The last match of the evening featured defending champion Jelena Jankovic against Vera Dushevina, who had to qualify to get into the draw as she is ranked 71st in the August 9th rankings. While Jankovic won 6-4, 3-6, 6-1 it was a closely contested affair until the third set. After the heat index break, Jankovic really took control of the match, breaking Vera's serve twice and playing much more aggressively than she had to that point in the match. "I thought I made quite a lot of errors, you know, during those first two sets, so I wanted to be more aggressive in the third," Jankovic said. "I told myself to wait for my chances, construct the points and then be aggressive. That's what I did. Of course, the break helped me. I was able to recover a little bit and got my energy back. That helped me finish strong in the third set," Jankovic said. To what did she attribute her 37 unforced errors? "I only played one match in San Diego. But that court over there was slow and the balls didn't really go anywhere. When I came here, the conditions were completely different. The balls are flying and the court is much faster. So maybe that was it. Of course you really cannot expect yourself to play your best tennis (in the first match that you play at a tournament). But at the end of the day, I did what I had to do. And Vera played very well. She made me play all those balls. She didn't really give me much, so I had to really work for it," Jankovic said.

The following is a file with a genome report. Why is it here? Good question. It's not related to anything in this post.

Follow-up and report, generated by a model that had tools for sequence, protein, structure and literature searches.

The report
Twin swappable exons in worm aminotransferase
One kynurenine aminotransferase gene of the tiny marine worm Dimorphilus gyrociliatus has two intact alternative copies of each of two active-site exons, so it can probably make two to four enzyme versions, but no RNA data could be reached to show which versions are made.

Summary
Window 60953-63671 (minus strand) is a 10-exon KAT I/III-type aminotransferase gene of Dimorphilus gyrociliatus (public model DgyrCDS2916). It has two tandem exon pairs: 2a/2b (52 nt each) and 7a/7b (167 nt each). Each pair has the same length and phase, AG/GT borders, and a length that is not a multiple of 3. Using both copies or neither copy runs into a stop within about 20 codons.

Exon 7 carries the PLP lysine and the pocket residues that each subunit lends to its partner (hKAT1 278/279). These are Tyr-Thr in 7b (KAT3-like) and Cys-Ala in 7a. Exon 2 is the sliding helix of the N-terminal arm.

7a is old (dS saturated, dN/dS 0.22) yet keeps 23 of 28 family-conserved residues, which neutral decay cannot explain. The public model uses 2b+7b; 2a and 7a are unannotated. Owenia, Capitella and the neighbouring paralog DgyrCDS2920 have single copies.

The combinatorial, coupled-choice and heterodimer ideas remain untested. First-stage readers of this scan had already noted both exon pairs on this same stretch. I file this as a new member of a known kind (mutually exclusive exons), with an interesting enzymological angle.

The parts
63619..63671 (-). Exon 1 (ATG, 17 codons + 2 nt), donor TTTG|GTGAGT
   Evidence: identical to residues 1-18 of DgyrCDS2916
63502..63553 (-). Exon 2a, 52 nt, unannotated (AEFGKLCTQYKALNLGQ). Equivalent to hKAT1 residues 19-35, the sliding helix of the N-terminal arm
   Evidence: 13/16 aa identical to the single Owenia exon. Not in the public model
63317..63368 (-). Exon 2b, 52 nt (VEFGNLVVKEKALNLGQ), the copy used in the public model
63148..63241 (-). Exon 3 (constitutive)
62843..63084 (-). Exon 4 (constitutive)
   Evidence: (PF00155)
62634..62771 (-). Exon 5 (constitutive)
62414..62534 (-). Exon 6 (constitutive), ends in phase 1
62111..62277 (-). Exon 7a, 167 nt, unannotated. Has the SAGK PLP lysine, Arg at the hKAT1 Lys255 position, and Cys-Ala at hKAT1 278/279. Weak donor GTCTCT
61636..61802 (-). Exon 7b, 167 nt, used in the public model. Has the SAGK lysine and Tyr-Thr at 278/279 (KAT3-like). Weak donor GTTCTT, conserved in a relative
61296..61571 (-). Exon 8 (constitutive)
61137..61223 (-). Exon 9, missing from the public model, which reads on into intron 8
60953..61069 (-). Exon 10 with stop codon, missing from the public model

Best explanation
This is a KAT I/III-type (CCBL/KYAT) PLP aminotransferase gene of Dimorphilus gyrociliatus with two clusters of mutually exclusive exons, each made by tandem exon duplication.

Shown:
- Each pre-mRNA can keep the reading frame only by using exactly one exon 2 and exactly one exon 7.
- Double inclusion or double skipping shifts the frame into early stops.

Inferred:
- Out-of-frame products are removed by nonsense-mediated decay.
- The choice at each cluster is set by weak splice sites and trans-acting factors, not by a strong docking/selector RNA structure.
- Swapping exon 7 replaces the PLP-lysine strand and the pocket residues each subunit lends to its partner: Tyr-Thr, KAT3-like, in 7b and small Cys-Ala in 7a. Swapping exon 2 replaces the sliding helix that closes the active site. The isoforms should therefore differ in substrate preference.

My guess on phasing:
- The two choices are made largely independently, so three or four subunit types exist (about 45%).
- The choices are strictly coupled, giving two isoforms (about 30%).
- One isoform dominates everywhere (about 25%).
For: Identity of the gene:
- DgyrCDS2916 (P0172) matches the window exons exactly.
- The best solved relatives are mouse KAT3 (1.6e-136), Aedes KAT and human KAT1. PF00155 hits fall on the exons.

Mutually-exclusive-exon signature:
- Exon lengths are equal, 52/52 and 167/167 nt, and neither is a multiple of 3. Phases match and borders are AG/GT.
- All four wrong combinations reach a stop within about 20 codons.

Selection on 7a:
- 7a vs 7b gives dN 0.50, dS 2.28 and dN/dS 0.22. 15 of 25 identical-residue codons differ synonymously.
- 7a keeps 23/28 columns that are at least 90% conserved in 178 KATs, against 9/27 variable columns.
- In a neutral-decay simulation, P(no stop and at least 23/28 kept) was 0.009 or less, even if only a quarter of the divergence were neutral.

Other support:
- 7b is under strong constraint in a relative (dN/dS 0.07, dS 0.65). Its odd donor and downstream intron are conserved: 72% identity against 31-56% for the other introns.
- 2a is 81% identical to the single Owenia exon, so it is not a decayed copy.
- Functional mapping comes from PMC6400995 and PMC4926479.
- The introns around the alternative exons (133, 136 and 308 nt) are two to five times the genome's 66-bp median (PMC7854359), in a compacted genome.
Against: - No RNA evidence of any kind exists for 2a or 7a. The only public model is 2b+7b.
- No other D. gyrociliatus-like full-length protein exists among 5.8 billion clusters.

While her first serve was ok at 61%, she did have a lot of double faults (8) but still managed to hit 11 aces. So, while the net result on her service game was positive, there were several opportunities to improve upon it. Surprisingly, she pointed to a lack of concentration at times as the reason behind her uneven service performance. "When it comes to my serve, I had some ups and downs throughout the match. There were times when I would serve aces, and then all of a sudden I would just serve a bad double fault. So maybe it was a lack of concentration at times. You know, I know I can serve well. It's a matter of focusing and taking my time; thinking about what I have to do. But occasionally, I think I just lost my concentration which resulted in all those double faults. Hopefully I can have a better focus in my next round and make less of those errors," Jankovic confided.